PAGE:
A tale of two swamps – Frenzy at the bridge

This hive of activity was centred on fishing in the river itself.  The flow was rapid here, thick brown water laden with sediment was toppling down off various rocks, under the bridge and into a slightly quieter pool below.  Down each bank of the pool, and in a couple of places upstream, women were waist high in the water, or reaching in from the bank; still wearing their highly coloured wraps, blouses and headscarves, although a couple were happy to be topless in the water.  They carried specialist woven conical baskets.  They would sweep them upstream through the water in one strong easy movement, the water squeezing out of the mesh of the basket leaving a rich catch of fish that they would toss onto the bank or wait for other women to come with plastic tubs to collect the fish.

There were men here too, some young boys were fishing with smaller baskets or lines, hanging nets on the end of long poles from the bridge, older men were trading with the women on the roadside; one old guy was snoozing off an early Katata home brew drinking session .  Several people regarded him closely as they passed by, ensuring that he was still snoring and had not expired.


Just snoozing?

Away from the river fish had been laid out on wraps on the ground to dry.   The women here were also selling to passing trade – walkers, cyclist and the odd vehicle that passed by.  Ian, as was his way, analysed the species and the sizes – it was not encouraging.  Most of the baskets had a very fine weave and all but the smallest fish would be entrapped.  We looked at piles of what were almost fry on display.

There were bigger fish all round as well – catfish.  These grotesque, long slippery creatures were draped over chairs, hanging in bunches from a string proudly held aloft by boys hardly larger than the catch, or in amongst the other fish left out to dry.  I say grotesque, but once able to look at these creatures up close, they had a rather becoming charm; their mottled bodies covered a myriad of earthy shades, their red tentacles pointing down from their faces; their thick muscular bodies; everything suited to life in a muddy fast flowing river where sight was not important.  I wondered how they survived the dry season – did they instinctively migrate to the permanent waterbodies in the swamp, did they find muddy pools deep in the undergrowth to eke out the dry months.  Or did they die and hope that enough spawn from the previous season would survive underground, to be triggered into development at commencement of the next rains?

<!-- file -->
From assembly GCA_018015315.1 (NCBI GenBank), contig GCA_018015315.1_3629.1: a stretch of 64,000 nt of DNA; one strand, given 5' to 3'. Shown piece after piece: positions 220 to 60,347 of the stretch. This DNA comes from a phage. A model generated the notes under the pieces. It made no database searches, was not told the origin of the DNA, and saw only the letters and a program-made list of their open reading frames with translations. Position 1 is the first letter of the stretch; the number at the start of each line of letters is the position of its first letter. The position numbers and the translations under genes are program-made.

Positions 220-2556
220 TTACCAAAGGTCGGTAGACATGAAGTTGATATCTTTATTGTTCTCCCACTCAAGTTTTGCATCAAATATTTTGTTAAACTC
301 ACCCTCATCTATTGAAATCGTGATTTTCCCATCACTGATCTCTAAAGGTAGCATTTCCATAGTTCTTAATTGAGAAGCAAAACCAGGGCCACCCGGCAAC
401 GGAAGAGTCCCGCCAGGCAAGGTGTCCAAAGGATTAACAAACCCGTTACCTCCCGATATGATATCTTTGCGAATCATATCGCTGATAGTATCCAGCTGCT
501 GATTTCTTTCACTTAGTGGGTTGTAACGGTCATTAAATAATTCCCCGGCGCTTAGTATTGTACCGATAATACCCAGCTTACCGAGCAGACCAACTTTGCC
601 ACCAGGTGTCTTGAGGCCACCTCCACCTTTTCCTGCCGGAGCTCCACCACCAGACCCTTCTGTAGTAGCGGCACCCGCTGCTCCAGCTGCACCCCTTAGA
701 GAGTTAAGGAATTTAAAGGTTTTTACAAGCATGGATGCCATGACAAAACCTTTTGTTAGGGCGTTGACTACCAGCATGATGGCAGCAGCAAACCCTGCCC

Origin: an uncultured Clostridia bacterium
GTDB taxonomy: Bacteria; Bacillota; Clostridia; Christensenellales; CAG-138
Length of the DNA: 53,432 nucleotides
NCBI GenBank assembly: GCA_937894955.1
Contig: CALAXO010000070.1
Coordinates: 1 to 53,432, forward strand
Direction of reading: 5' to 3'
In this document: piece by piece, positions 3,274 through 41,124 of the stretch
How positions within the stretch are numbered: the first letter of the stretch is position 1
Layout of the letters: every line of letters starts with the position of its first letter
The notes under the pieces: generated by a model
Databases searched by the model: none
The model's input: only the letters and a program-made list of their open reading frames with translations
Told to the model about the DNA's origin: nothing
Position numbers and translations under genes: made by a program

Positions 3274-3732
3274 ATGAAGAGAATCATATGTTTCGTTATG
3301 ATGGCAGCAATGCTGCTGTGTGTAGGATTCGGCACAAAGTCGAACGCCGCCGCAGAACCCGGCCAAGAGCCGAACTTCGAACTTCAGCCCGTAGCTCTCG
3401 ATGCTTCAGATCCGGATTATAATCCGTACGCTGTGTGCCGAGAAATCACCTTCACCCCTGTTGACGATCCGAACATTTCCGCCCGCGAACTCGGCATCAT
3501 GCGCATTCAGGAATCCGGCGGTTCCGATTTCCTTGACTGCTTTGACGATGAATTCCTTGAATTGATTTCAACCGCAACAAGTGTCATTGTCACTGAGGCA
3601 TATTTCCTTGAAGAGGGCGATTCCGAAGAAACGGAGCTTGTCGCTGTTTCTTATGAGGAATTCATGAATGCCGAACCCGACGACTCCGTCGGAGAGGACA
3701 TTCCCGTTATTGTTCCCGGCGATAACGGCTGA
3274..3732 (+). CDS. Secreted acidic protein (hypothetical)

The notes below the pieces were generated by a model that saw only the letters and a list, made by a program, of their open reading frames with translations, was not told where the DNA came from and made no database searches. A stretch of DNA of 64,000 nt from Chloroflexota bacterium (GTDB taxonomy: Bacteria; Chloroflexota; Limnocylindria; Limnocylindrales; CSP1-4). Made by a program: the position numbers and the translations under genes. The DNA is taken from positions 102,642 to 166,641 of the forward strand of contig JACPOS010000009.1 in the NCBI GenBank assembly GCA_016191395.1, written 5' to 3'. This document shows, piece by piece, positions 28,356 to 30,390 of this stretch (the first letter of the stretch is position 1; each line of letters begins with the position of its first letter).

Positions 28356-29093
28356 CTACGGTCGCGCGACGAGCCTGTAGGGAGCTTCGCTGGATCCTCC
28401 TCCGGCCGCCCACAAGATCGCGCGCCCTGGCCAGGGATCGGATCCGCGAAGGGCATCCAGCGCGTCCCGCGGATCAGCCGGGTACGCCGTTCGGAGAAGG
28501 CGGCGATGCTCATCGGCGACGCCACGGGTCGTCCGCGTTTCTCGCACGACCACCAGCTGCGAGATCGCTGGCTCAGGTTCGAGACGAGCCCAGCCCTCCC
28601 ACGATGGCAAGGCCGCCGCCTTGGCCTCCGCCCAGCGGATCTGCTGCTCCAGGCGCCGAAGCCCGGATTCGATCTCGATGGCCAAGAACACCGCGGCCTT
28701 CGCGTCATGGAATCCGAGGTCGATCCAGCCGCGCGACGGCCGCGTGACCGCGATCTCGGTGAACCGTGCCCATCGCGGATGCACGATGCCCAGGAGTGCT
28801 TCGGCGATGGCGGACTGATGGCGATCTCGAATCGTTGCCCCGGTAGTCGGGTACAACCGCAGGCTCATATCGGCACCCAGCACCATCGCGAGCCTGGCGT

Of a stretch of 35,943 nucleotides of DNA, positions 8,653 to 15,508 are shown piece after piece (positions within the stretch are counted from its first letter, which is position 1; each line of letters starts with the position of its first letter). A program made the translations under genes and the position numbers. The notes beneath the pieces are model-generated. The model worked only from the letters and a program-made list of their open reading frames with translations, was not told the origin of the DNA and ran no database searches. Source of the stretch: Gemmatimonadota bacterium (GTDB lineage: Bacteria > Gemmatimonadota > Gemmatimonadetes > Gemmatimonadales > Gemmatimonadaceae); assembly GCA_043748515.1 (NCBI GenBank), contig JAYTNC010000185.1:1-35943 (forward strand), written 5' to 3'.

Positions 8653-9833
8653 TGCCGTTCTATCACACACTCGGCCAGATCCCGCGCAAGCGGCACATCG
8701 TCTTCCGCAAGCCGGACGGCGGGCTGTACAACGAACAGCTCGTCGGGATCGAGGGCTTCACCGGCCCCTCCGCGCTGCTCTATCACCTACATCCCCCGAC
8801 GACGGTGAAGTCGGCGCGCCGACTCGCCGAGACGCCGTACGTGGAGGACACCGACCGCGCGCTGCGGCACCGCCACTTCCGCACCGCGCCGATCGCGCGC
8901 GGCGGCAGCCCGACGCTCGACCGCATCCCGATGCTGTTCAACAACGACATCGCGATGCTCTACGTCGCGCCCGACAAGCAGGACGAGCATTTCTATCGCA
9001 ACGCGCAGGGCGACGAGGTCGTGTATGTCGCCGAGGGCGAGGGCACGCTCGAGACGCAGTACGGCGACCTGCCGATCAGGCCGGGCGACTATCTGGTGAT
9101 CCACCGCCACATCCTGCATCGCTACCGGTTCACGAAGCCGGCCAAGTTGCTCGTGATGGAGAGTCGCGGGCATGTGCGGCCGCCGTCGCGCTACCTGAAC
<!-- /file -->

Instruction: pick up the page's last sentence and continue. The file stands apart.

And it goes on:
A Tale of Two Swamps – Tilapia

The Nile tilapia were another concern to some people; mainly outside conservationists.  Tilapia, or the Nile perch has become one of the most prodigiously fish farmed species in the world – as I was to find out in Haiti a month or two later.  Again the species had got into local waterways and was supremely adaptable.  It was swamping the Kafue swamp.  The conservationists felt they threatened the local ecosystem, forcing out other native species.  Ian again was more pragmatic – keep harvesting them and eat them.  Given their spread along the Kafue there was no point in arguing for strict control, and they produced a very valuable source of animal protein. This was a place where it was often difficult to rear enough livestock each year, and tilapia never needed fodder.

I must admit Nile tilapia is not my favourite fish.  Served up as Bream at restaurants; its ugly face is enough to put you off, but the main problem is the deboning.  I’m not the world’s best expert at getting the flesh of a fish’s bone, but tilapia are made worse by the fact it appears to have two layers of bones, the main spine and then a row of hard cartilage out of which come the fins.  The jaw bones complexity also makes me not go hunting for meat round there.  The consequence is that my plate looks like a disaster zone and lots of flaky bits of fishmeat are mashed up with a hundred tiny translucent bones.  Despite these difficulties, it is a staple in the flats and is highly marketable around Southern Africa as bream.

We took a look at various sizes of catch; Ian was impressed that some fish catches were sizeable.  The local fisheries officers were collating the amounts of fish and market prices sampling for their records and they showed us the data sheets; but again the data were not being collated anywhere and never analysed .

We dug deeper into the crowd to see if there was anything else of interest, and I spotted a large pile of catfish on the grass.  These fish – like long thick bodied eels with evil looking whiskers that give the animal its name – weighed several  kilos each.